And congratulations to Brett Metcalfe for a great ride leading Team Australia throughout the weekend. Metty was solid, finishing third in that first MX1/MX2 moto. He's only getting better as he goes along, and I really hope some wins come his way in 2011.
Sheena Metcalfe (Brett's wife) supplied the team with a few mascots...
Photo: Steve Cox
Finally, here's my annual push to get something at the MXoN named after Roger DeCoster. He has won more times in that event as a racer and a team manager than anyone. I know they will never take Peter Chamberlain's name off his own Cup, but there's got to be some individual overall honor or something that can have The Man's name on it. He helped get America back involved in the event way back in 1981, and he did it again in 2005, after Team USA skipped the '04 event and seemed like it might not go back. The Motocross of Nations is about bringing the motocross world together, and DeCoster has made a lifetime out of doing just that—as a racer, a manager, and a motocross ambassador.
Staying on the international stage for one more second, check out this inspiring story about Iranian motocross Nora Naraghi, who was at the MXoN as a spectator. LINK.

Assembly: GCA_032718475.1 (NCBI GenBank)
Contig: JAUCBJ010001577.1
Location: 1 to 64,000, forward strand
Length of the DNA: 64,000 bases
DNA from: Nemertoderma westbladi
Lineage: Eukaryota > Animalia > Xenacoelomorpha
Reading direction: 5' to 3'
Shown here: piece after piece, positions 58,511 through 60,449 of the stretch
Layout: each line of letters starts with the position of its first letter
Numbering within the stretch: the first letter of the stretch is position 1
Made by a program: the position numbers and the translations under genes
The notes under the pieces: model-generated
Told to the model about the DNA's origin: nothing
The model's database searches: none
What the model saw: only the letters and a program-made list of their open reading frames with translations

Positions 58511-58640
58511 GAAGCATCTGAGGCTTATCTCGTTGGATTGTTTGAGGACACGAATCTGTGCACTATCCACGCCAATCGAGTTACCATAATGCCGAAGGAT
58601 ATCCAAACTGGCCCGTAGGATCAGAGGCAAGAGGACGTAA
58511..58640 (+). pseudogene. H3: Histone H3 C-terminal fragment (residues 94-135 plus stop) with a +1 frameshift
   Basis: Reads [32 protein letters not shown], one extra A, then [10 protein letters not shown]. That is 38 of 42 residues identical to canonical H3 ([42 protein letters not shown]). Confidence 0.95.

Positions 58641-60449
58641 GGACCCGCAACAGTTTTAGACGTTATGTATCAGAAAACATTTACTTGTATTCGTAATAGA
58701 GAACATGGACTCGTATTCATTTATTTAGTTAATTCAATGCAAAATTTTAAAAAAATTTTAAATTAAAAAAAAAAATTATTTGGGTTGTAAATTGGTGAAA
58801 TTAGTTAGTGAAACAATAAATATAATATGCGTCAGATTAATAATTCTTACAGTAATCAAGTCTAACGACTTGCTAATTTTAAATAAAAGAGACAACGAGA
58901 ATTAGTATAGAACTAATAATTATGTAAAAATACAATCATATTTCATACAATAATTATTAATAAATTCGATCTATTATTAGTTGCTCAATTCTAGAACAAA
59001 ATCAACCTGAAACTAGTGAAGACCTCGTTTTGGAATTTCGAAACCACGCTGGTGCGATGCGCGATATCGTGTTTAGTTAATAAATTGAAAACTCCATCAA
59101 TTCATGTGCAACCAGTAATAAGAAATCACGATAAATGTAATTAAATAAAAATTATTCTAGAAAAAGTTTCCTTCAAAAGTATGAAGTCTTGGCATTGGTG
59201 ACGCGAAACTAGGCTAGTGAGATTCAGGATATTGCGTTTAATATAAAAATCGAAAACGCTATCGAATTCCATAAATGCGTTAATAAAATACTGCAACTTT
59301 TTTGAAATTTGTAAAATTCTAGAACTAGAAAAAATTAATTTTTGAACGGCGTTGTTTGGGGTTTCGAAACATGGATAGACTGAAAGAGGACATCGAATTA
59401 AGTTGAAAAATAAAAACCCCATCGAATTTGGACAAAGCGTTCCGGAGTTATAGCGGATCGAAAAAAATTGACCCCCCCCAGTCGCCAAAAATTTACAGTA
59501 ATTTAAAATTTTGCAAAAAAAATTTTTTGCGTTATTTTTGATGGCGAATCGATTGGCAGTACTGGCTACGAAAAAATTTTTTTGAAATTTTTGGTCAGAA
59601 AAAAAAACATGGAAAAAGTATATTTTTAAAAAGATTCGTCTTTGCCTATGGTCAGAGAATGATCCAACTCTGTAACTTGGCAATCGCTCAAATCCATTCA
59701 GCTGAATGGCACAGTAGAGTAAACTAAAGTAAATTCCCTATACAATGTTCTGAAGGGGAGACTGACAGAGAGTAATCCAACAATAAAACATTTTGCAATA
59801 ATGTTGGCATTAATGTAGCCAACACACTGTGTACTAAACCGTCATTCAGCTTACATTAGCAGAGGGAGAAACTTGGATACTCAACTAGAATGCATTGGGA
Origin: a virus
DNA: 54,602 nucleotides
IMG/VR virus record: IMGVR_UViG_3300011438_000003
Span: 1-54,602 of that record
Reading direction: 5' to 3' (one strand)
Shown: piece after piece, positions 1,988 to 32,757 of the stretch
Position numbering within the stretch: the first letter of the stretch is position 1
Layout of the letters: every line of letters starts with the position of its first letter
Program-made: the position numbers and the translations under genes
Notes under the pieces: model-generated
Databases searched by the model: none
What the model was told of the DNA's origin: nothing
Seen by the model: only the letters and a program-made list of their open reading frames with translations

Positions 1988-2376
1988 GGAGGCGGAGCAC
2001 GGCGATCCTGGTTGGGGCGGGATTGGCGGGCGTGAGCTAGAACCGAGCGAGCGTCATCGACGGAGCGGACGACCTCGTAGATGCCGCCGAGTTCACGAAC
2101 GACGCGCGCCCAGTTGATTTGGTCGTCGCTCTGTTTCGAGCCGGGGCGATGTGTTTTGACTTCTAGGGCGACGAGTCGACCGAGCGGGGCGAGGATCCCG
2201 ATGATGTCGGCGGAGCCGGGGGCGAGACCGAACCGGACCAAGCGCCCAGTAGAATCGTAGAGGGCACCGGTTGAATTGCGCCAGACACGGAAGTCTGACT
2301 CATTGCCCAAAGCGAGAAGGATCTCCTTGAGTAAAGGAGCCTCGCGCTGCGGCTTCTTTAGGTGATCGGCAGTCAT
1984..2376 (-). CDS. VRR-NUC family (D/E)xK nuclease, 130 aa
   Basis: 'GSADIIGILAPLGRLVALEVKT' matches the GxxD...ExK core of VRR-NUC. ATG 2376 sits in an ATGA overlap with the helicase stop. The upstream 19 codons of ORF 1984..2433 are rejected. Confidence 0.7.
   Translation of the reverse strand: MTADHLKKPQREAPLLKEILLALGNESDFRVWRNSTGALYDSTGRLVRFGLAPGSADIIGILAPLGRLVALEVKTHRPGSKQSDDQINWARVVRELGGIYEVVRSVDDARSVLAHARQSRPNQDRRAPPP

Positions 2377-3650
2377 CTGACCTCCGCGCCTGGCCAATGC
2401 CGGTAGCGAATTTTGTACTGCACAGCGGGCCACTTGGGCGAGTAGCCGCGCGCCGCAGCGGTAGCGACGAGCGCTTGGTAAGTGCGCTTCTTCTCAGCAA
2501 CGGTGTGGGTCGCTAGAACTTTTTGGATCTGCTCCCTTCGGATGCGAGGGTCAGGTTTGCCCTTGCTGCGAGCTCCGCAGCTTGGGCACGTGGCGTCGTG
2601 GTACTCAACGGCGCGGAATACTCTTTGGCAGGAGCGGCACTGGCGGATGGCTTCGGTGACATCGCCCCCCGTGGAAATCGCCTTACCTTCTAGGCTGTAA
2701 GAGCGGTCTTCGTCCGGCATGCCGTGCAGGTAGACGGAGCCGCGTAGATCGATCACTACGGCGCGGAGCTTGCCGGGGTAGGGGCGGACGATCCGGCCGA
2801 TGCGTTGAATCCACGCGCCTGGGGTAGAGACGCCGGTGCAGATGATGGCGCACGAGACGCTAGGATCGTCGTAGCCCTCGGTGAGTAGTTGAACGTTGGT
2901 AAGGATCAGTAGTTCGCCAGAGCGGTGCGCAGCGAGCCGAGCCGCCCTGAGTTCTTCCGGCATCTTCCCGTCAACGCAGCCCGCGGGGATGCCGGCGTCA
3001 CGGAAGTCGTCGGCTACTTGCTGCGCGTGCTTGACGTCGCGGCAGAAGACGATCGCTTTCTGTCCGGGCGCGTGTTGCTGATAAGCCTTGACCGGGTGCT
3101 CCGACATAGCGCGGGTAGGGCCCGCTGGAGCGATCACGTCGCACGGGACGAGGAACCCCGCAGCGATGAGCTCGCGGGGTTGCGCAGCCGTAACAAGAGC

Now here’s Ping:
Somewhere, Geoff Meyer is crying (knew that was coming). And to him I would like to say, "Ha ha. You owe me five bucks."
Ryan Dungey is the fastest guy on two wheels right now. I’m sure Stewart and Villopoto don’t like to hear that, but until they can show up and beat him, they are going to have to deal with it. I’ve been listening to people all summer say that Dungey isn’t going that fast. They suggest that the class is just thinned out from injuries and Ryan is in better shape that the other riders and outlasts them. Well, the last part is true, but they have it all wrong about his speed. Dungey is one bad man on a dirt bike. Congrats to him, Shorty, and Trey for a job well done.
There are a lot of people extra-pissed about the incident between Townley and Short, and they’re voicing their opinions on various websites. I haven’t seen badmouthing like that since McDonald's took the McRib off their menus. I’ve been searching for multiple angles of the contact, so if you have something other than what was shown on the internet broadcast, send it over.